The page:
During the ninth Corps Commander-level talks, held in Moldo on Sunday, India told the Chinese side that a complete resolution will only be possible if they pull back their troops and weapons systems across eastern Ladakh and not limit the disengagement to Pangong Lake

Indian and Chinese troops have been locked in a border standoff in eastern Ladakh for nearly nine months now

India made its stand clear during the ninth Corps Commander-level talks that a complete resolution will only be possible if the Chinese de-induct their troops and weapons systems from multiple locations across eastern Ladakh and not limit the disengagement to Pangong Lake, sources said.

The Pangong Lake has been the focus of the tussle over the last nine months as standoff continues in eastern Ladakh with heavy deployment from both sides.

Sources said while the discussions were “fruitful”, it was conveyed that all other pending issues need to be resolved.

“Our stand was that they need to withdraw troops from several friction points. These include the Depsang plains, heights around Gogra among some other locations,” said an official privy to the developments.

Another official said, “Once again, restoration of status quo as of April 2020 - before the standoff in Ladakh began - was impressed upon by the Indian side.”

In the Depsang area, the Chinese have strengthened their positions over the last five-six years and during the current standoff, there was a further build-up including tanks being brought in.

“It was felt that it’s the right time to talk about other issues as well. The Indian side was firm that all issues should be resolved,” said an official.

"Positive, practical and constructive talks"

The ninth round of talks took place on the Chinese side in Moldo. The meeting started at around 10.30 am on Sunday and continued for 16 hours ending at 2.30 am on Monday.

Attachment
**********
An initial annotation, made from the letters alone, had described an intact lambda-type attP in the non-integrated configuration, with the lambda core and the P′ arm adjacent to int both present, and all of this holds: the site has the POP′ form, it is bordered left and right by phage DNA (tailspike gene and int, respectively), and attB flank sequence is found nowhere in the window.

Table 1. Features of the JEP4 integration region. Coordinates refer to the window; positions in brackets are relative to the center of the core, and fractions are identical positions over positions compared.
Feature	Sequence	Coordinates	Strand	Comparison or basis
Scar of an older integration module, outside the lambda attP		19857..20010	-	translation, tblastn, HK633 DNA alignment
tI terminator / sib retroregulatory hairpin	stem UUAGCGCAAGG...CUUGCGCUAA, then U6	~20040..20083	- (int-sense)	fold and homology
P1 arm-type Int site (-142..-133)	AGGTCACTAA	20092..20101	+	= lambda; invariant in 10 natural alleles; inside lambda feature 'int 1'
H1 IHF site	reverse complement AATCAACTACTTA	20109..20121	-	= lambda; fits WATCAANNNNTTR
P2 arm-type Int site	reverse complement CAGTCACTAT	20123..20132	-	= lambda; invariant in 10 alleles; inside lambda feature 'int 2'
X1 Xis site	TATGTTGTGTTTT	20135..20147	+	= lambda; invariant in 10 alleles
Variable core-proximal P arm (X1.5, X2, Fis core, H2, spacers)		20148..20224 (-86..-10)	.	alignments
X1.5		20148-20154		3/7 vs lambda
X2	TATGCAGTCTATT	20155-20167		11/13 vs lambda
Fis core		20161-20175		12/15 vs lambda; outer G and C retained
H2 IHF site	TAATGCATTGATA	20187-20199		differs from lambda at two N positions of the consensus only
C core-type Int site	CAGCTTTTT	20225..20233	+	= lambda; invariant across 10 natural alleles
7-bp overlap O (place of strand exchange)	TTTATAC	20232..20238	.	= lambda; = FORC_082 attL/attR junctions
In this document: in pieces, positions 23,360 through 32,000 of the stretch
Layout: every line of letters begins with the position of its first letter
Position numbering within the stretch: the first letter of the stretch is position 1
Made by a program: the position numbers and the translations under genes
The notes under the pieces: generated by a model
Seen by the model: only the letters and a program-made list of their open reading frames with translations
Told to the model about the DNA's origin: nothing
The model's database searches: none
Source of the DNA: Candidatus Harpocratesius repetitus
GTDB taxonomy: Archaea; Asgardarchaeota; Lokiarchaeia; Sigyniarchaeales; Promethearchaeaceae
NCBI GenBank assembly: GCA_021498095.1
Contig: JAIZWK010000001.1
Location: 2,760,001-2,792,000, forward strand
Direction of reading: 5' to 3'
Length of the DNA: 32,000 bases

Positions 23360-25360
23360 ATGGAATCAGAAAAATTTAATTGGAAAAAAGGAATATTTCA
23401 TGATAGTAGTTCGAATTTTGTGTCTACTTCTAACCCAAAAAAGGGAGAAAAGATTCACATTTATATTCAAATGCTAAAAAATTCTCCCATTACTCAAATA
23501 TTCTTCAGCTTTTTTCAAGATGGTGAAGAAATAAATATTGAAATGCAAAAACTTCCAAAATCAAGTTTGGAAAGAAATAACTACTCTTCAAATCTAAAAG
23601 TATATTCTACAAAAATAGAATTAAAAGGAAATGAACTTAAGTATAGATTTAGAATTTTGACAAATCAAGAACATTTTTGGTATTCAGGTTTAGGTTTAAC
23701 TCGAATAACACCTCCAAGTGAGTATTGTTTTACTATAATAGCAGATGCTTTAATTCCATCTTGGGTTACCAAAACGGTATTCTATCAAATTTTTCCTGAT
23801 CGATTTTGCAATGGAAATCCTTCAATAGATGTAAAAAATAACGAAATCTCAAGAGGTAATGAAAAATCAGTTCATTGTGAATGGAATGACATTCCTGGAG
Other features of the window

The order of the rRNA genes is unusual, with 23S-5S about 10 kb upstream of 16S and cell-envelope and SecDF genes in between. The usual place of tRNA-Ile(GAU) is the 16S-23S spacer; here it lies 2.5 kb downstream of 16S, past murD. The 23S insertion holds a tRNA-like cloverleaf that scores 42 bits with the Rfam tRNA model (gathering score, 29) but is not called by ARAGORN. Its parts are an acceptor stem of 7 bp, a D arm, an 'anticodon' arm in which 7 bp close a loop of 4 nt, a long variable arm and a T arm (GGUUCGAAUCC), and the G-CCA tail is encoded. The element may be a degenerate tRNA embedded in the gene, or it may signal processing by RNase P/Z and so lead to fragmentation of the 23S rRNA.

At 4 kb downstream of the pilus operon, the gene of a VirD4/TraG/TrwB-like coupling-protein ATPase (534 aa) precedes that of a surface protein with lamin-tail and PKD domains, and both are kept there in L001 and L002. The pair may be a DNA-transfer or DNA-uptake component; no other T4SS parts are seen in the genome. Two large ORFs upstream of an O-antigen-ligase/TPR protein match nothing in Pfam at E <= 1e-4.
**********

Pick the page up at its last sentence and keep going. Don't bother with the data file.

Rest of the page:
According to an official joint statement by India and China, the two sides had a candid and in-depth exchange of views on disengagement along the “Line of Actual Control in the western sector of China-India border areas”.

The two sides agreed to continue their effective efforts in ensuring the restraint of the frontline troops, stabilise and control the situation along the LAC, the statement said.

The two sides agreed that this round of meeting was positive, practical and constructive, which further enhanced mutual trust and understanding, it said.

“The two sides agreed to push for an early disengagement of the frontline troops. They also agreed to follow the important consensus of their state leaders, maintain the good momentum of dialogue and negotiation, and hold the 10th round of the Corps Commander Level Meeting at an early date to jointly advance de-escalation,” the statement said.

According to the statement, India and China agreed to “continue their effective efforts in ensuring the restraint of the frontline troops, stabilise and control the situation along the LAC in the Western Sector of the China-India border, and jointly maintain peace and tranquillity.”

Three-Step Phased De-Escalation

This meeting comes more than two months after the previous talks on November 6, 2020, where a three-step phased de-escalation was discussed but there was a freeze on any further developments.

The India-China standoff has now entered its ninth month as both sides continue with heavy deployment of troops, artillery guns, tanks and armoured vehicles in close proximity.

The tensions started with skirmishes in Pangong Lake in May when troops came to blows on more than one occasion leaving many injured on both sides.

On June 15, 2020, in an ugly clash in another area called the Galwan Valley, 20 Indian soldiers died, while the Chinese never made their casualty public.

As per earlier proposals, the ‘Finger’ area on the northern bank of the Pangong Lake could turn into a temporary no man’s land with Indian or Chinese troops not carrying out patrols as a measure to ease tensions and find a breakthrough the deadlock.

For a phased de-escalation the contentious conflict zone between Finger 4 to Finger 8 could become a no patrolling zone for some time, as per the proposal.

If this resulted in the de-induction of troops as weapons and a pullback to positions as of April 2020, in the next phase India would also vacate heights occupied on the Kailash range on the southern side of the lake.

In the third phase, areas like Depsang plains - that had been tense for the last five-six years due to the induction of troops and weapon systems - could be focused upon for a complete de-escalation, sources said.

The Indian Army, in a counter operation, has occupied unmanned heights that gave it a strategic advantage as the positions overlook China’s military garrison in Moldo and other key military positions.